caroline bennett ella salter and jabriel alsuhaimi n.
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Caroline Bennett, Ella Salter and Jabriel AlSuhaimi. Social Changes in the meiji restoration period. Fall of Feudalism. A proper centralized government could only be established if daimyo stopped exercising feudal powers.

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fall of feudalism
Fall of Feudalism
  • A proper centralized government could only be established if daimyo stopped exercising feudal powers.
  • in 1868, an imperial officer was appointed to every feudal region (fief).
  • The intention of these imperial officers was not to overtake the daimyo in their power and control over the fief, but to show the increasing power and authority of the central government.
  • In 1869, the daimyo of Western clans handed over their powers to the central government at will, and the remaining daimyo were forced to afterwards.
  • Daimyo received compensation: pension, paid debts, and granted position of governors.
  • They were happy with this agreement, due to their benefit of wealth, while others in society struggled.
  • Buddhism and Shinto were main religions in Japan.
  • New government favored Shinto religion
  • Shinto shrines were erected all over Japan
  • Emperors birthday was declared national holiday.
  • Famine’s were less common. Government moved quickly throughout country.
  • Improved methods of production
  • Average consumption rose from 3.5 to 5.0 bushels per person
  • Meat introduced into diet after western influence.
  • Foreign tastes led to demand for milk, butter, cheese, white sugar and tinned meat.
clothing and fashion
Clothing and Fashion
  • People were allowed to wear what they could afford. Cotton was favored by the poor because of it’s cheapness.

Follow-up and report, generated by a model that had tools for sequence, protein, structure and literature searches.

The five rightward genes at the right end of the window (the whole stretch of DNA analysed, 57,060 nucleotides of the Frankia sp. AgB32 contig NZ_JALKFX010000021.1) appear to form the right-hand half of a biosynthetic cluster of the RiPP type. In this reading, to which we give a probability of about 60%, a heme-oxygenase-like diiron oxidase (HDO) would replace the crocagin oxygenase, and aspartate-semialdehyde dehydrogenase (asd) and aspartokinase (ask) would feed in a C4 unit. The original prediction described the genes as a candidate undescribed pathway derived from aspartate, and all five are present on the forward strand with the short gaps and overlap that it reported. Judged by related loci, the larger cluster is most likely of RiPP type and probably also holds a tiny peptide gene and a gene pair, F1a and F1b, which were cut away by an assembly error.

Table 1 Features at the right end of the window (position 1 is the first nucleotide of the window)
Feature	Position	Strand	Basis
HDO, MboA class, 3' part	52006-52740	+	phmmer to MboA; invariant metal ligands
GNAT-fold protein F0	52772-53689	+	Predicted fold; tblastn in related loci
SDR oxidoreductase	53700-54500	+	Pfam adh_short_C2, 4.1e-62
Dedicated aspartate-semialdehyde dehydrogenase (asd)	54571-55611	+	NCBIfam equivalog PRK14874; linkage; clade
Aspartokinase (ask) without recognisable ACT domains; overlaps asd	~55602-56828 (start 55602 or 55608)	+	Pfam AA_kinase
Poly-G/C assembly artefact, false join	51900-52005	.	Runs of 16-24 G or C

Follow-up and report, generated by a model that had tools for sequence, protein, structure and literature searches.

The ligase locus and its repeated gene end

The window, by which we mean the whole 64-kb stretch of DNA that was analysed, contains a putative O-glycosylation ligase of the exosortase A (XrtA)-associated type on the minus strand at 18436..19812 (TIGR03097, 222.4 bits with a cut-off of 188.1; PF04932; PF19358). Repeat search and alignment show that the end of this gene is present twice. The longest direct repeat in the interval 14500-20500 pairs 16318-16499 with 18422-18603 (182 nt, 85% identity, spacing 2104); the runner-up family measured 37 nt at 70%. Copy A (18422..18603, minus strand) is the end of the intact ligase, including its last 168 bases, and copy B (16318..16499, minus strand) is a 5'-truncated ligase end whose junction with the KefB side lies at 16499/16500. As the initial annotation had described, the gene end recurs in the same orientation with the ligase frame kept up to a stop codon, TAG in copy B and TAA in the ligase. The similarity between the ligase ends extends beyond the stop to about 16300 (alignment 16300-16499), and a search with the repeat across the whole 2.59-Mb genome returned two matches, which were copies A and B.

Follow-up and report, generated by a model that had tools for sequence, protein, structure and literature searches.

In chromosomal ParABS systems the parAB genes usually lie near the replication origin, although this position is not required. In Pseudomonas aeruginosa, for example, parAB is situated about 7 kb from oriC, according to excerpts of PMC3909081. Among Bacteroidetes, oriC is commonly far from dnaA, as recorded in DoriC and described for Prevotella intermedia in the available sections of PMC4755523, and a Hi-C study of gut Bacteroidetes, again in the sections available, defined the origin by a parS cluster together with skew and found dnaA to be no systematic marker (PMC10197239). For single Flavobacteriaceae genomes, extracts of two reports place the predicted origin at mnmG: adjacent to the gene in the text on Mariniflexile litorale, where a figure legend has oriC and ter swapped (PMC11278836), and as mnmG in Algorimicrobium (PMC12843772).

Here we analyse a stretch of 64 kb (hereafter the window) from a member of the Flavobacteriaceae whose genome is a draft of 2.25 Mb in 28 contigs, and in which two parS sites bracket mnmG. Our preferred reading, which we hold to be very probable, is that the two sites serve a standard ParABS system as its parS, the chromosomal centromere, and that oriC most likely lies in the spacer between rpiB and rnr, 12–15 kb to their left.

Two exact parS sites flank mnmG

• Preferred western garments
  • Soldiers and sailors dressed in western-style uniforms
  • Adopted simpler western hairstyles
  • Guns, weaponry and Steam ships
  • Technological progress in postage stamps
  • Wool and cotton mills
  • More factories because of raw materials could now be imported into Japan.
  • Japan developed its own railway system of trains based on a model given to them by the Westerners. Americans took 150 years. Japanese took 50. The train system was significantly more reliable and efficient.
  • Modern postal system – 1868
  • Modern telegraph system – 1871
  • The clock was brought into Japan. Before that, they used the sun.
  • Students sent to USA and Europe to study modern technology and scientific research.
  • Patriotism, students told to put the interests of the nation before their personal ones.
  • Led to a generation that was devoted to the Emperor and the State, rather than needs of an individual.
  • 1890: Emperor’s Re-script on education, instructions that students had to follow.
  • Emperor’s statement: “knowledge shall be sought throughout the world so as to strengthen the foundations of imperial rule.”
  • Students began traveling overseas to America and Europe to study.
  • Ministry of Education established in 1871 by the government.
  • 1872: all Japanese children must have at least 4 years of primary school.
  • Led to more primary, secondary and tertiary schools built.
  • 1906: 95% of Japanese children getting a primary education.
  • Japan became Asia’s first literate nation.
  • Western subjects taught in schools: Mathematics, English, Science.
  • Traditional Japanese values for boys and girls differed: girls taught domestic skills while boys were taught more about building the nation.
  • Growth in education led to growth of daily newspapers